Dwelling to live.

Paul Johannes Tillich, American theologian and philosopher, appositely noted already in 1960 a point that plays a significant role today: “We live not to dwell, but dwell to live.” It sounds simple and logical and fortunately is increasingly becoming a key issue of contemporary development projects.

The design emerging from an investor contest is indeed breathtaking and beautiful at the same time, perceiving the Allmend as an abundance of free space and serving the general public for a vast array of needs as an important, attractive field of greenery in Lucerne. The project encompassing the overall complex, comprising football stadium, sports facility and HOCHZWEI stands for an open real estate development site, placing the condensed various building volumes in the expanse of the Allmend space.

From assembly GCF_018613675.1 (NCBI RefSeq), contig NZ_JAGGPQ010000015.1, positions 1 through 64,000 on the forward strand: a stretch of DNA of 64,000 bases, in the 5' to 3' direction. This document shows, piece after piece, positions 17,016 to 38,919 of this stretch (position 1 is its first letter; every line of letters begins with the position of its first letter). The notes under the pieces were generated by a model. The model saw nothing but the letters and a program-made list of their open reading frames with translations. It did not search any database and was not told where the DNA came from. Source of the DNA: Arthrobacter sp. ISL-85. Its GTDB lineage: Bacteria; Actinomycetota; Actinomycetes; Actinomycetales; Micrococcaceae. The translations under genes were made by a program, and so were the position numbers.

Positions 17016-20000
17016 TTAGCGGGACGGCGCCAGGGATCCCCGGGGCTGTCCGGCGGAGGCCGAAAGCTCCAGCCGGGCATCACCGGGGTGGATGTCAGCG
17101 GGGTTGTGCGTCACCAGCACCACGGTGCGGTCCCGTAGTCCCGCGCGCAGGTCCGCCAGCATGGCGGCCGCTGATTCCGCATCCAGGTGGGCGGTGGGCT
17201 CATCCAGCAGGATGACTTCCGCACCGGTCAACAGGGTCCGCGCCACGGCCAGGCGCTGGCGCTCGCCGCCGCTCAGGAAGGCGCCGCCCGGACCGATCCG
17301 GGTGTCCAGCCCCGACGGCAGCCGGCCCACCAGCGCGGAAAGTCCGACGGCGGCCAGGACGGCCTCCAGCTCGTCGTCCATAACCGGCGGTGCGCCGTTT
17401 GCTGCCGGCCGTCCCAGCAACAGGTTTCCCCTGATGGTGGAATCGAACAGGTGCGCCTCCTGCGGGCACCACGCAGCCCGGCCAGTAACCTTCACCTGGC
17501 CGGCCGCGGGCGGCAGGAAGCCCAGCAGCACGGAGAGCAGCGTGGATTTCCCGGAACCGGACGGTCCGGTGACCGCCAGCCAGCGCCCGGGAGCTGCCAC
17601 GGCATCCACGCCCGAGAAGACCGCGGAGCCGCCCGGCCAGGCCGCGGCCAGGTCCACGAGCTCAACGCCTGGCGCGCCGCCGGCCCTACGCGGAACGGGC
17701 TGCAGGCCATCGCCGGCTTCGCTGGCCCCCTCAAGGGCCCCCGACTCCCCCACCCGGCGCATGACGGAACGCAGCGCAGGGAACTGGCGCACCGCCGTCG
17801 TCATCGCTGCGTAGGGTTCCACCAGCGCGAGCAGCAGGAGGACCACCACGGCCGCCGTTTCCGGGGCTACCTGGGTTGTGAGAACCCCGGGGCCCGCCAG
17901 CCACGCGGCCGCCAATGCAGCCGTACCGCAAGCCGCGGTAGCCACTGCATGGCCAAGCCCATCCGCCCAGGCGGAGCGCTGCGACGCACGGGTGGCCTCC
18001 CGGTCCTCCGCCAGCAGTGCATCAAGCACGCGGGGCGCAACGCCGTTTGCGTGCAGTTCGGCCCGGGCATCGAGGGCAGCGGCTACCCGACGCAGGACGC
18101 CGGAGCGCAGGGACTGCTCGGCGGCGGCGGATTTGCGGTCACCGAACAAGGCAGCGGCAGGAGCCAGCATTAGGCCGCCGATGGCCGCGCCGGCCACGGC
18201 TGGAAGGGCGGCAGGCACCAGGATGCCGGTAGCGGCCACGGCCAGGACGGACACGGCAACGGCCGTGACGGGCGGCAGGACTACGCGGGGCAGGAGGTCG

Noteworthy are the smooth and organic shapes of the high-rise buildings that subsist entirely without any sharp corner formations in the building structure. Each perspective paints a different picture for the observer. The building shell outwardly appears like compact, tight-fitting skin. The balconies are visible only at second glance, concealed in incisions behind the vertical aluminium profiles. Gold and blue tones dominate the colour scheme, lending the overall ensemble a modern and, at the same time, noble stature.